Heat stroke is a life-threatening emergency, and treatment of concurrent cardiac arrest requires simultaneously cooling the athlete while performing CPR. The presence of exertional heat stroke in a collapsed athlete must be suspected in hot, humid environments, especially if the athlete is wearing athletic clothing and equipment that limits heat loss, and the EMS system must be activated. Both heat exhaustion and heat stroke can cause syncope in the athlete. Heat stroke is differentiated by the presence of mental status changes and a core temperature of greater than 40°C (104°F). Untreated exertional heat stroke can progress to end-organ damage, adult respiratory distress syndrome, disseminated intravascular coagulation, neurologic injury, cardiac arrest, and death. The diagnosis of heat stroke can be confirmed onsite with a rectal temperature measurement. If the athlete is unresponsive but has normal breathing and circulation, rapid cooling by ice water bath immersion is recommended.83 If an ice water tub is not available or if concurrent SCA is suspected, rotating ice water towels applied to the head, trunk, and extremities and ice packs applied to the neck, axilla, and groin represent an alternative method for cooling while performing CPR and using an AED. Because prompt temperature reduction is critical, transport to the emergency department for heat stroke victims without SCA should be delayed if sideline cooling measures, such as ice water bath immersion, are available.83 Cooling should also be continued during transport if needed.


Lightning presents an environmental hazard with the potential for multiple victims. If the lightning storm is ongoing, rescuers must ensure their personal safety by moving an SCA victim indoors if possible. Spine immobilization should be considered. Cardiac arrest from lightning strike is associated with significant mortality and requires modification of standard ACLS measures to achieve successful resuscitation. Most lightning strike victims have associated multisystem involvement, including neurologic complications, cutaneous burns, soft tissue injury such as rhabdomyolysis, and associated blunt trauma.84 When managing several lightning strike victims, the normal multiple casualty triage priorities are reversed. Casualties who appear unresponsive require prompt, aggressive resuscitation using standard CPR and ACLS protocols, including defibrillation and cardiac pharmacotherapy.84 The chance for a successful outcome is greater for lightning-related cardiac arrest, even with initial rhythms that are traditionally unresponsive to therapy.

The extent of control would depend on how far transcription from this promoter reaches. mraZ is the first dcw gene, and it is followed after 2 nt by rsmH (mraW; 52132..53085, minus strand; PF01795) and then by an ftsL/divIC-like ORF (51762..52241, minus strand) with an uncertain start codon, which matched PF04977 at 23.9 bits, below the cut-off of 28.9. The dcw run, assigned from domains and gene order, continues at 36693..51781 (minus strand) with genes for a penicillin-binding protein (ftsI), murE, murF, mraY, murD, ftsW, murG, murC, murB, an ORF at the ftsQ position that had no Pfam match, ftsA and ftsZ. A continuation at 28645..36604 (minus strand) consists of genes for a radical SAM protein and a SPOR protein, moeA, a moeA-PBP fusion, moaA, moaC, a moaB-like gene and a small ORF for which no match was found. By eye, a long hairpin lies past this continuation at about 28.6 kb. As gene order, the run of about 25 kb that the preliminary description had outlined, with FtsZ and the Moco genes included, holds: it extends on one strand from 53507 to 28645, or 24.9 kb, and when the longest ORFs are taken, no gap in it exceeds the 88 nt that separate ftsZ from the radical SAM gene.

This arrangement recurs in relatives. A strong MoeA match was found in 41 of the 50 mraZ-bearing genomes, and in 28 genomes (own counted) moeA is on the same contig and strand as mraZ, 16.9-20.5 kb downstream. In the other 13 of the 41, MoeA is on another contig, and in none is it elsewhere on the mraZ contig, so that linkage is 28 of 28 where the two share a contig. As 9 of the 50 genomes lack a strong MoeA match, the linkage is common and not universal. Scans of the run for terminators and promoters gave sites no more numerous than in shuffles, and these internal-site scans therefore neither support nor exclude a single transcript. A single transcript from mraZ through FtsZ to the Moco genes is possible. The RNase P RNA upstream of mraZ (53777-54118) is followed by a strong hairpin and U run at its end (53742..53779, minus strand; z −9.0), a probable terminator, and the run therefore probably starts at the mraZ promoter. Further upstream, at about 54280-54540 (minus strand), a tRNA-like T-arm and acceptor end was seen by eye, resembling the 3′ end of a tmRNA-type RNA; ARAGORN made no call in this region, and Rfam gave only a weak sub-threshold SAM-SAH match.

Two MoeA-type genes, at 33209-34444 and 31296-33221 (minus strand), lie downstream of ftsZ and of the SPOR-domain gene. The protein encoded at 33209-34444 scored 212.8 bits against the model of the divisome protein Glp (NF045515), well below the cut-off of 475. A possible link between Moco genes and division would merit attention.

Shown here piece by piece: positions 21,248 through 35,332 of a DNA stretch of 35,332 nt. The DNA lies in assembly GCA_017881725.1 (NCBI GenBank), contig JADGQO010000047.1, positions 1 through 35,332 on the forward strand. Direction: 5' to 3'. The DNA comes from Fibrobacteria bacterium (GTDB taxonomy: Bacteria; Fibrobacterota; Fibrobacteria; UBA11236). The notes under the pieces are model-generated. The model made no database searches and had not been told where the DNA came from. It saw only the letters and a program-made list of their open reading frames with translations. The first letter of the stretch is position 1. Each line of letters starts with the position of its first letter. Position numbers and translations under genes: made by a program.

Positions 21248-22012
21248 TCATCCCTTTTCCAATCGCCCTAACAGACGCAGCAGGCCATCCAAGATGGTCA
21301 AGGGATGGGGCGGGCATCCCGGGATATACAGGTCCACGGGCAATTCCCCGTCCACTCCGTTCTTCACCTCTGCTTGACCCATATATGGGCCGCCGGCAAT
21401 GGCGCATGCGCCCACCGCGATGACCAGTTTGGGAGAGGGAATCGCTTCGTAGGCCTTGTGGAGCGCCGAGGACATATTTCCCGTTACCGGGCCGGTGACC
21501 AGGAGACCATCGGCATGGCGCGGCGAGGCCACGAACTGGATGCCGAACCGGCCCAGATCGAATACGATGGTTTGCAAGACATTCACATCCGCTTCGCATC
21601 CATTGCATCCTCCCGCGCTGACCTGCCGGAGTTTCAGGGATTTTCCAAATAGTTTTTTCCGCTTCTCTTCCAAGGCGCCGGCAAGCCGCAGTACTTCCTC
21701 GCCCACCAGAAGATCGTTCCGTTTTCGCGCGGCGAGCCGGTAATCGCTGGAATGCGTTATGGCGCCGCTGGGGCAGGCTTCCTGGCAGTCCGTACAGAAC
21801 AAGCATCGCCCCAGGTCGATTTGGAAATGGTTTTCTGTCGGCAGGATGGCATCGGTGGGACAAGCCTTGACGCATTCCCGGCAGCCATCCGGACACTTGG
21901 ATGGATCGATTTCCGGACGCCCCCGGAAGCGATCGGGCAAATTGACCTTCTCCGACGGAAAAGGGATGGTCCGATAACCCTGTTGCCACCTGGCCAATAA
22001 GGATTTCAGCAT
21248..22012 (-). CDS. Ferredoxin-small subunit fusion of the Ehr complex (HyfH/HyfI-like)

Mass Events

Emergency preparation and management of SCA at mass athletic events require additional planning. Schools and institutions may have their own athletic staffs with them, and advanced communication with the host organization is helpful to ensure that visiting athletic staffs are familiar with the EAP and central medical area or equipment. Distance events such as cross-country meets, triathlons, and marathons present an additional challenge because running or biking courses are often spread out over long distances, sometimes in remote areas. In marathoners, SCA occurs in approximately 1 in 40,000 runners across the age spectrum.85 Distributing medical staff and AEDs along the course or field of play and using bicycle or “golf-cart” rescue teams will improve response times should an emergency arise.